I showed Peter the magazine I have bought. He said, “Told you so, we all love Modi ji, but why is he standing with a Chinese guy,”
I told him, he was not a Chinese guy but a Japanese Prime Minister to which Peter replied “Good, hope Modi never allies with the Chinese, they are bad. They are trying to colonize Africa,” he replied.
I reached my hotel and settled down in my room for the night. I had a safari at 6AM in the morning. This was the time I started reading the magazine. It showed how China has been exploiting the poor economies in Africa and even had political control in counties like Djibouti, Chad and Zambia. China funds construction of infrastructure such as roads and railroads, dams, ports, and airports. China is the largest trading partner in Africa. There is a growing sense of fear of colonization in Africa, that’s where Japan and India come in. To prevent Chinese monopoly in Africa by providing African countries with safer, cheaper and better alternatives.
The next two days, I spend most of my time in the jungles, seeing hundreds of zebras, wildebeests and deer, I spotted many elephants, cheetahs, hippos and crocodiles. The lion was elusive, and we didn’t spot any on the first day. One the second day after searching the grasslands for hours we finally spotted a pride of lions. The lion was sleeping under a bush alone, while the lioness and the cubs were sitting together under a tree. As our car went past the lion it looked right into my soul and growled as if saying “Do not mess with my pride”. I took a spectacular photo of the lion and my safari came to a royal end.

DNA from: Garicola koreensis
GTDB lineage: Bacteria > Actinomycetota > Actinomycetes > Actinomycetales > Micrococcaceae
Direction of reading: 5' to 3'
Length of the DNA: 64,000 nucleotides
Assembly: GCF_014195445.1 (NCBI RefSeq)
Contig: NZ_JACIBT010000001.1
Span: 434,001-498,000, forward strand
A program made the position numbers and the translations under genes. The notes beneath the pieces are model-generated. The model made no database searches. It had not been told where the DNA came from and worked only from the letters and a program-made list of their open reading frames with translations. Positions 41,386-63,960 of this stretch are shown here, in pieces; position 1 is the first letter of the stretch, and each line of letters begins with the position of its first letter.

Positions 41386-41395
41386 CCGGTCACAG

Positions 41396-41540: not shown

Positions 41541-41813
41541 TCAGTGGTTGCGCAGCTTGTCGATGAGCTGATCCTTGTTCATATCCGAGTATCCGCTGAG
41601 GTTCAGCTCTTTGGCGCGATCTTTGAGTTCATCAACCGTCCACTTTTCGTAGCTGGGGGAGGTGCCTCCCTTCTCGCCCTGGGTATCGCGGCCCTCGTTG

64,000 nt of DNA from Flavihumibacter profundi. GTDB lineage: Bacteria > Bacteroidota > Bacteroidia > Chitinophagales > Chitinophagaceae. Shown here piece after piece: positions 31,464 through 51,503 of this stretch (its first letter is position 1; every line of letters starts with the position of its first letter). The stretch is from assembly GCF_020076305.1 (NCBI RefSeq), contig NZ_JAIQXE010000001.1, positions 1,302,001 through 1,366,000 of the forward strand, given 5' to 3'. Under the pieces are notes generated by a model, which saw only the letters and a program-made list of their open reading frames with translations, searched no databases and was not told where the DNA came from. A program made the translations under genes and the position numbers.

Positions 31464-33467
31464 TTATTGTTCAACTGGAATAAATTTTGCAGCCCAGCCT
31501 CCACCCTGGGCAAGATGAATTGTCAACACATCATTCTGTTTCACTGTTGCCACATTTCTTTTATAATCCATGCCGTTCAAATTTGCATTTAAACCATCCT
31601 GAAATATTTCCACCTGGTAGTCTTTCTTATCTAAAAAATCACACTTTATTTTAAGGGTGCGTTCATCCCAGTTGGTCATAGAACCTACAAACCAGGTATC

I left for the airport next day and in the airport, I said good bye to Peter.
“Do come back again,” he said with a smile.
“I will definitely come back to see the lions,” I replied.
“Oh for that you don’t need to come so far,” he remarked.
“Why is that,” I asked him.
“Modi ji is a lion, you are lucky to see him every day,” he said and left.
I began to wonder, when foreigners in an under developed country respect PM Modi so much, why do few of our countrymen hate him. Then one of Peter’s quotes struck me – wild dogs, hyenas and vultures hate the lion. Sounded just about right!